Oman Mobile prepares for new era

Omantel’s recently created wireless division, Oman Mobile, is preparing for competition in the Sultanate by upgrading its 2G network to GPRS.

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By  Richard Agnew Published  July 28, 2004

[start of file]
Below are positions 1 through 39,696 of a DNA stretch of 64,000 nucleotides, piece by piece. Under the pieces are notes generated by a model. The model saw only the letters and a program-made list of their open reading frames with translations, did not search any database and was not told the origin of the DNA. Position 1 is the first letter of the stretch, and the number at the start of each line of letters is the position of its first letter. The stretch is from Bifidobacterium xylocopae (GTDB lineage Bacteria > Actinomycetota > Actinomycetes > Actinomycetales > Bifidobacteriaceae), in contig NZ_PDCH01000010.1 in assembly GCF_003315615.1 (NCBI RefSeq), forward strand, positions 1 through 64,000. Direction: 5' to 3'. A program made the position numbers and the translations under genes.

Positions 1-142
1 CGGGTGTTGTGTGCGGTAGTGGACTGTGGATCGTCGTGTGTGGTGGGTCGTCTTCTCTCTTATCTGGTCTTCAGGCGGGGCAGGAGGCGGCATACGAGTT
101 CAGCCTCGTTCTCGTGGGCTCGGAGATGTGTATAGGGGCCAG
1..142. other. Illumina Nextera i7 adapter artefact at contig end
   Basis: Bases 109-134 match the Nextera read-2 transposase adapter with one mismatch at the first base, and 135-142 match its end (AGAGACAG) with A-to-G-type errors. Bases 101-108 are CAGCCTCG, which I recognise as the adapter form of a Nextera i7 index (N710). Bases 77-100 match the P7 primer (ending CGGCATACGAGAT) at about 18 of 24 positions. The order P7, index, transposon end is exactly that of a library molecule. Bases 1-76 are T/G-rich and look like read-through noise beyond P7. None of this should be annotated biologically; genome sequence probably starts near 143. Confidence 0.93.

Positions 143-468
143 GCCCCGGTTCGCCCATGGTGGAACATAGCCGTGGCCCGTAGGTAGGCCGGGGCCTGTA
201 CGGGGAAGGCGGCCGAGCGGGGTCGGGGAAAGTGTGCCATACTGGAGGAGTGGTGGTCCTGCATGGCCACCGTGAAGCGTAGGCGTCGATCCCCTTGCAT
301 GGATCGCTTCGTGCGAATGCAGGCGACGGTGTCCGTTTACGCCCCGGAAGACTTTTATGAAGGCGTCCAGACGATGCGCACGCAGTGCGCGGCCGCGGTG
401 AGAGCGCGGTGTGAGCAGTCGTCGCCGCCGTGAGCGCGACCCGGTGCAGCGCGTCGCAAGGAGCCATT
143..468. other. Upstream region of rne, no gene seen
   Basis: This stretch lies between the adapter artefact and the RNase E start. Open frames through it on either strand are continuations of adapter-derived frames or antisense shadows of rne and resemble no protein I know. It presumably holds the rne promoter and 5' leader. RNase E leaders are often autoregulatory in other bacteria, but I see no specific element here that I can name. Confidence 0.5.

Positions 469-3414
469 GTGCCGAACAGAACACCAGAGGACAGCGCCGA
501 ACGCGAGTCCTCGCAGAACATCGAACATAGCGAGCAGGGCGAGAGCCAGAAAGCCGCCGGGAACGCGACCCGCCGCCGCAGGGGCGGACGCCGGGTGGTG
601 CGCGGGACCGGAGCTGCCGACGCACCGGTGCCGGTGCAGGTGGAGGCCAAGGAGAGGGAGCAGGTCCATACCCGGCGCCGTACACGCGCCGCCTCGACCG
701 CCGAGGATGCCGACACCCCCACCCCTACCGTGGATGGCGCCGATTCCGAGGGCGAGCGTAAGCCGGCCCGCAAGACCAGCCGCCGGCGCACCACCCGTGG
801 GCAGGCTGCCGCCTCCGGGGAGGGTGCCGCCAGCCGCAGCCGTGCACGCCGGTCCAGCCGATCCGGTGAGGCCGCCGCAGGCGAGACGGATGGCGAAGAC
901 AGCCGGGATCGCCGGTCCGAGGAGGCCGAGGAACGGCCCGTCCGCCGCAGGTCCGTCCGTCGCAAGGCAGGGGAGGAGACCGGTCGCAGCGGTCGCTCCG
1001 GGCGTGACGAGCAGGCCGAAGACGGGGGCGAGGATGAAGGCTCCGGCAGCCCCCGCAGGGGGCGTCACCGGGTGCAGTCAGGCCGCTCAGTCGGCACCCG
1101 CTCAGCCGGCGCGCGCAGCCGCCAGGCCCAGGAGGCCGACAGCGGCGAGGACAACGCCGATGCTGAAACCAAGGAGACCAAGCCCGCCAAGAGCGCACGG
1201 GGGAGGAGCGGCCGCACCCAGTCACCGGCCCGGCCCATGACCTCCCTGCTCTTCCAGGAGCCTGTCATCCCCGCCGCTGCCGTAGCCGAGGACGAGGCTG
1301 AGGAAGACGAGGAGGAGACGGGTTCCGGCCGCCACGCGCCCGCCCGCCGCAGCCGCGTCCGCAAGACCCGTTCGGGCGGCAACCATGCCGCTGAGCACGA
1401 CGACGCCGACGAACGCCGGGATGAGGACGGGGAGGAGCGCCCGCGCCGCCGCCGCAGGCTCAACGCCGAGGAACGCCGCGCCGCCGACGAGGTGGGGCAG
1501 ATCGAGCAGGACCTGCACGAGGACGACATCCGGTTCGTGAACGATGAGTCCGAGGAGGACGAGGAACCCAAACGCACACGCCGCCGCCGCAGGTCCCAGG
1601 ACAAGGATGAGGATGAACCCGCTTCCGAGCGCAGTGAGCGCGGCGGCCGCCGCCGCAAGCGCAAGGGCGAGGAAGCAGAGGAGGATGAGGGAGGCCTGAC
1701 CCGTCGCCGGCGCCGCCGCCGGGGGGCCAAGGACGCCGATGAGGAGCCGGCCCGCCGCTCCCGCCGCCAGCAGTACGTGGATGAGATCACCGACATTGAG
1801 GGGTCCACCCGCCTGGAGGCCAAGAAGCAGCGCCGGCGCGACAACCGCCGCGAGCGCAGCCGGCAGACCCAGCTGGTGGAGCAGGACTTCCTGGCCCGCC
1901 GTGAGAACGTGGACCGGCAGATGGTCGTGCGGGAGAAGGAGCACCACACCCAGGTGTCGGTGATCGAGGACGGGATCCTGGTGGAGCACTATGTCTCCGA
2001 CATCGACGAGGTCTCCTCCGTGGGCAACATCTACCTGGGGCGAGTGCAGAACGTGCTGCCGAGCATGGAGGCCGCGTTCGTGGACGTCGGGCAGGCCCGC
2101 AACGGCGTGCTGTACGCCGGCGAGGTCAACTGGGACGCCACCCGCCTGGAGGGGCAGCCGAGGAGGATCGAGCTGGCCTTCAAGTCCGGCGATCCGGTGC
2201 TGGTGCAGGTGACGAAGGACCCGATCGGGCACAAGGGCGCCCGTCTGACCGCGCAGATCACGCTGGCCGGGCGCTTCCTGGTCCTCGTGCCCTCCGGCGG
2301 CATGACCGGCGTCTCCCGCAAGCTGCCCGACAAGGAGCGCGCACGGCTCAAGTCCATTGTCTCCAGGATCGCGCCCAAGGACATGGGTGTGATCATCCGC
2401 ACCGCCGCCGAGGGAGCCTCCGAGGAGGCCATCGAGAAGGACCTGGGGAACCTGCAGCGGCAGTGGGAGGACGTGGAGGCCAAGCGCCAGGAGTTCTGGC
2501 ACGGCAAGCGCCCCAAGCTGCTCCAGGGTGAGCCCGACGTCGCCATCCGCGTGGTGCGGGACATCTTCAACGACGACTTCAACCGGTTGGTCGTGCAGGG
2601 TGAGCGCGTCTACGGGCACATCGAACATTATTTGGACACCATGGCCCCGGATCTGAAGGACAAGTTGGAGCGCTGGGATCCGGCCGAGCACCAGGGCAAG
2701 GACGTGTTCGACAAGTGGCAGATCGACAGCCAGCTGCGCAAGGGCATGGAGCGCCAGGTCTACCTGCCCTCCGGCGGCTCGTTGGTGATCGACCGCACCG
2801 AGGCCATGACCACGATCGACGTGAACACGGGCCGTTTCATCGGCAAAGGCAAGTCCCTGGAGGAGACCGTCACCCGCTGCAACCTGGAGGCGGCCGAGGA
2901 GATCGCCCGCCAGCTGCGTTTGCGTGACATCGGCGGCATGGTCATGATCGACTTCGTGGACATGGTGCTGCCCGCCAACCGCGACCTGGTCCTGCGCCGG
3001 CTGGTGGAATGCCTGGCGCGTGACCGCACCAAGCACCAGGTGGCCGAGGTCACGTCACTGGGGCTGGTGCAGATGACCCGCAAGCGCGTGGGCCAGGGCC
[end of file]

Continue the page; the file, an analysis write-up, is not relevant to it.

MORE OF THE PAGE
|~|oman1.gif|~|Dr. Amer Awadh Al Rawas, managing director of Oman Mobile|~|Omantel’s recently created wireless division, Oman Mobile, is preparing for competition in the Sultanate by upgrading its 2G network to GPRS. The operator is currently testing the technology with its suppliers, Ericsson and Siemens. It plans to commercially launch GPRS-based services such as multimedia messaging and higher-speed internet access later this month. “The GPRS and MMS pilot is now working,” says Dr. Amer Awadh Al Rawas, managing director of Oman Mobile. “We have 2,000 key customers, employees and other people giving us feedback on the types of content that would encourage subscriptions and we’ll be launching it soon,” he adds. The move forms part of the operator’s preparations for the entrance of the Qtel-backed Nawras Telecoms Consortium into the Sultanate later this year, as well as the partial privatisation of its parent company, Omantel — now planned for 2005. Oman Mobile was created in February this year by a royal decree, bringing a long running plan into reality. The move saw incumbent operator, Omantel, split in two, and tasked with handling the country’s fixed and internet services. According to Al Rawas, 190 employees have so far been taken on by Oman Mobile. “We plan to [employ] up to 600 staff [in parallel] with growth in subscribers,” he adds. While Nawras plans to launch its network with full EDGE capability, Oman Mobile says that it will use the launch of GPRS to test demand for the speed of access to services a 2.75G implementation would provide. Instead, it is focusing on building up its user base as rapidly as possible before the new entrant comes in, and on customer service improvements that would help prevent churn. The operator is planning to launch a multimedia contact centre alongside the GPRS upgrade, for example. Particular focus is also being placed on raising its base of contracted users through the removal of subscriber deposits. According to Al Rawas, its pre-paid user base increased from 359,359 last year to 409,000 in May, while its post-paid subscribers also rose from 220,745 to 232,663. But Oman’s population of 2.8 million suggests there is plenty more room for growth. “Previously, the deposits were levied because of a fear of bad debts, but now with this waiver on deposits, we are bound to grow [subscribers] tremendously,” Al Rawas predicts. Other areas where the mobile operator is investing include the improvement of coverage — long seen as a problem in Oman due to its mountainous terrain and widely spread population. Part of the project comes under the five-year, US$730 million investment plan started by Omantel, which is now in its fourth year. But Oman Mobile also plans to use the country’s universal service fund, created by the Telecommunications Regulatory Authority (TRA) alongside liberalisation, to support roll-out in less lucrative regions. “We believe that more coverage is needed,” says Al Rawas. “We plan to [bring] all the roads and a number of commercial [developments] that are growing [within reach]. But we need to work with the TRA to cover non-commercially viable areas,” he adds. On a wider scope, the mobile operator is also working to establish improved international ties. Various roaming agreements have been put in place recently, with countries including Russia, Iran, Bulgaria, New Zealand and Armenia. Oman Mobile has also recently begun cooperating with UAE telco, Etisalat, on pre-paid roaming and mobile application development. “We’re cooperating [on application development],” says Al Rawas. “So far, it’s been limited to training, not cross-posting of services. But that would be a good idea for us,” he adds. The operator remains tight-lipped, however, on whether talk of a takeover approach by a larger player will become reality. “There are rumours,” says Al Rawas. “But we have not been formally approached by anybody,” he adds.||**||

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